Szechuan cuisine. Look I’m not sure if I’m pronouncing it a hundred percent accurately either. Szechuan is probably the very English way of pronouncing it. Is a type of Chinese cuisine actually and is famously known for its spiciness.
Yea… so sometimes when… when you’re looking for a restaurant, you look for a particularly type of cuisine, like Chinese, Thai or Greek for example.
“Dish” can refer to a container, which food can be served or used or even for cooking. “Dish” can also refer to food prepared as part of a meal. And usually this is the 1 plate or bowl of food that is served as part of a meal.
So if we take Chinese cuisine for example, a meal is usually shared and would have several different dishes. Usually there would be a vegetarian dish, a stir-fry pork dish, a beef dish and quite often we would have that with rice.
Now the word “staple” just means a main product or part of something. So when we say something like “staple food,” it refers to a basic food that is an important and dominant part of the kinds of food a community or society eats. So… you know, if we take Chinese food for example, rice and noodles are considered staple foods, you know, whereas potatoes are considered a staple food in Germany – I think also in Russia and Ireland.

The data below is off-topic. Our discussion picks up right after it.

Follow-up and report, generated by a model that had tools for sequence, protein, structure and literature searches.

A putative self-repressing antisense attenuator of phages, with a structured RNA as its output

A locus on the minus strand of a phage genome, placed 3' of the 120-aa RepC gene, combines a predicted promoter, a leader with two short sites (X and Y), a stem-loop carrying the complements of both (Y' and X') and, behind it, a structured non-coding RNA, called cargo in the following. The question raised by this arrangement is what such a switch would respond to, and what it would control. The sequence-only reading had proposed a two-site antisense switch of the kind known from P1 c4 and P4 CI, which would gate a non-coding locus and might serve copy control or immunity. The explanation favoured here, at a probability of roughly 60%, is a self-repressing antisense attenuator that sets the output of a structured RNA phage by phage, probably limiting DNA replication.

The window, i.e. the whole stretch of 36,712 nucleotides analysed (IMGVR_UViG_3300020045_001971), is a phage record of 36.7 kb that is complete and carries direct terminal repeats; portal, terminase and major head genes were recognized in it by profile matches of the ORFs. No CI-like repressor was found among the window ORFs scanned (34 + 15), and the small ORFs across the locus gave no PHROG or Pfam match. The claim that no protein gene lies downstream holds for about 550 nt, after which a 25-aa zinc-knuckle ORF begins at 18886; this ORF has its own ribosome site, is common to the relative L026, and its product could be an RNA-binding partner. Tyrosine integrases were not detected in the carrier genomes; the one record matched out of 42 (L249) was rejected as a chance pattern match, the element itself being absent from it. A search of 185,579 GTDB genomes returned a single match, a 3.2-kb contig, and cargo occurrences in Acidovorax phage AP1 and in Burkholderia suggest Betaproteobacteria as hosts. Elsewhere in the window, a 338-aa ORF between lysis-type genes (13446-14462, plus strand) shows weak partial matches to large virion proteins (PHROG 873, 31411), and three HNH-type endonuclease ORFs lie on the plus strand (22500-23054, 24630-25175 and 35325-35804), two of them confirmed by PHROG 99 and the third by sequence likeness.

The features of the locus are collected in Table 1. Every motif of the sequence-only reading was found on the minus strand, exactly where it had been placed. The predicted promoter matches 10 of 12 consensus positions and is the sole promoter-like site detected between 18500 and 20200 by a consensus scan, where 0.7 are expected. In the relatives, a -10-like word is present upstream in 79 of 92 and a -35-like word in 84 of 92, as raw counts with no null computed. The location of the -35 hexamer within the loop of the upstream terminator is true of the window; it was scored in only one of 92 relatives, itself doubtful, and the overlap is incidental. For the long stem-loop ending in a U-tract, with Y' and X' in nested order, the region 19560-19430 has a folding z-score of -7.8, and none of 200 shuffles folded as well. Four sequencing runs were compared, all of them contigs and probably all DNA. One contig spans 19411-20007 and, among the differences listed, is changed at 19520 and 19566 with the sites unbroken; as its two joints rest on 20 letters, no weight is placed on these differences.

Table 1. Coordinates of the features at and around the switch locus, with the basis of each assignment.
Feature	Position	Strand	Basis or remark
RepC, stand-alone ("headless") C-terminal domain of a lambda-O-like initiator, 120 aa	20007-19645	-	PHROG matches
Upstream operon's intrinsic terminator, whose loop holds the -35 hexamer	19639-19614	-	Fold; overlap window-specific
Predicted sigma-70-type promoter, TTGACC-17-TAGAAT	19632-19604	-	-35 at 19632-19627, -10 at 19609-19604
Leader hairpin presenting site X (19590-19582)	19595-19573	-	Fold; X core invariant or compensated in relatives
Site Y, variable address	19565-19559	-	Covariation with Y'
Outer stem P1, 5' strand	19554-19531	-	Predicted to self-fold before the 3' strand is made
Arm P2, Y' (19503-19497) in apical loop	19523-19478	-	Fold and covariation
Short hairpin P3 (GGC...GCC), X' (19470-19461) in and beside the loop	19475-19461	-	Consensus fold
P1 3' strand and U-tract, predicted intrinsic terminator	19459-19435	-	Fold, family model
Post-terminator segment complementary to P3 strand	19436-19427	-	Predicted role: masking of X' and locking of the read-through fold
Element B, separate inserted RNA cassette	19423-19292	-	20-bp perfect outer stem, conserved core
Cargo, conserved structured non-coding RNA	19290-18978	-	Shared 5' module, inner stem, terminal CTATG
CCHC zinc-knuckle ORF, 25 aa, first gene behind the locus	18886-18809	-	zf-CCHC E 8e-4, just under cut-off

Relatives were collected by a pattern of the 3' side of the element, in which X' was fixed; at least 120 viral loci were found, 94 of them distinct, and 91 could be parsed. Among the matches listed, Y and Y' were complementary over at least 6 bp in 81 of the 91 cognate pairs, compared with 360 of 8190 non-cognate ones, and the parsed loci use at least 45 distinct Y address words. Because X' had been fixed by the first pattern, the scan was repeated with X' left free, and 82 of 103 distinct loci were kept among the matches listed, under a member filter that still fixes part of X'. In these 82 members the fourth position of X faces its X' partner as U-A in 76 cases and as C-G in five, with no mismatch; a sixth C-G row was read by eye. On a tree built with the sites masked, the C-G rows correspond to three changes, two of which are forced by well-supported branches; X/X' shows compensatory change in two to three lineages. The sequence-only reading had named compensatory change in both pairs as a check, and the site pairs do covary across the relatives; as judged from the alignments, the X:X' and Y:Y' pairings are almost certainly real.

And I should explain the vocabulary for different meals since today’s episode is focused on different types of meals of course.
And we have, you know, the usual, typical meals – “breakfast,” “lunch,” and “dinner.” So “breakfast” is typically eaten as the first meal of the day. “Lunch” is around noon, or early afternoon, which is the midday meal. “Dinner” is in the evening, usually after work, the evening meal.
And then there are other types of meals, which might be different for you due to cultural differences.
So “brunch,” as I mentioned in the previous episode about travelling, is a usually a late breakfast or early lunch, eaten around 11 or… sorry, 10 or 11am. Brunch is not an extra meal, this is really a substitute for both breakfast and lunch. And is very commonly eaten during the weekend actually, as a social activity to meet up with friends. Sort of a hip social thing.
And there’s also something called “afternoon tea,” which is usually served in the late afternoon around 4pm. Now typically, you would have tea, of course, cakes, sandwiches and scones. Now “scone” is a type of small cake, but it’s more like a cross between bread and cake which you would usually have with cream and jam.
Now afternoon tea can be made at home, but it’s not served at every restaurant or cafe. So in the previous episode, again about travelling, I mentioned a Miss Marples Tearoom. And this place actually serves afternoon tea. And you can order something called a Devonshire tea, which is a meal with tea and scones that come with jam and cream. So it’s quite a sweet treat of course.
And historically, this used to be an extra meal because dinner was served as late at 8pm. But these days, you know, an afternoon tea is more like a treat or even an indulgence. It’s become more of a social activity and sometimes afternoon teas are offered at hotels, which can be quite expensive for a supposedly light meal.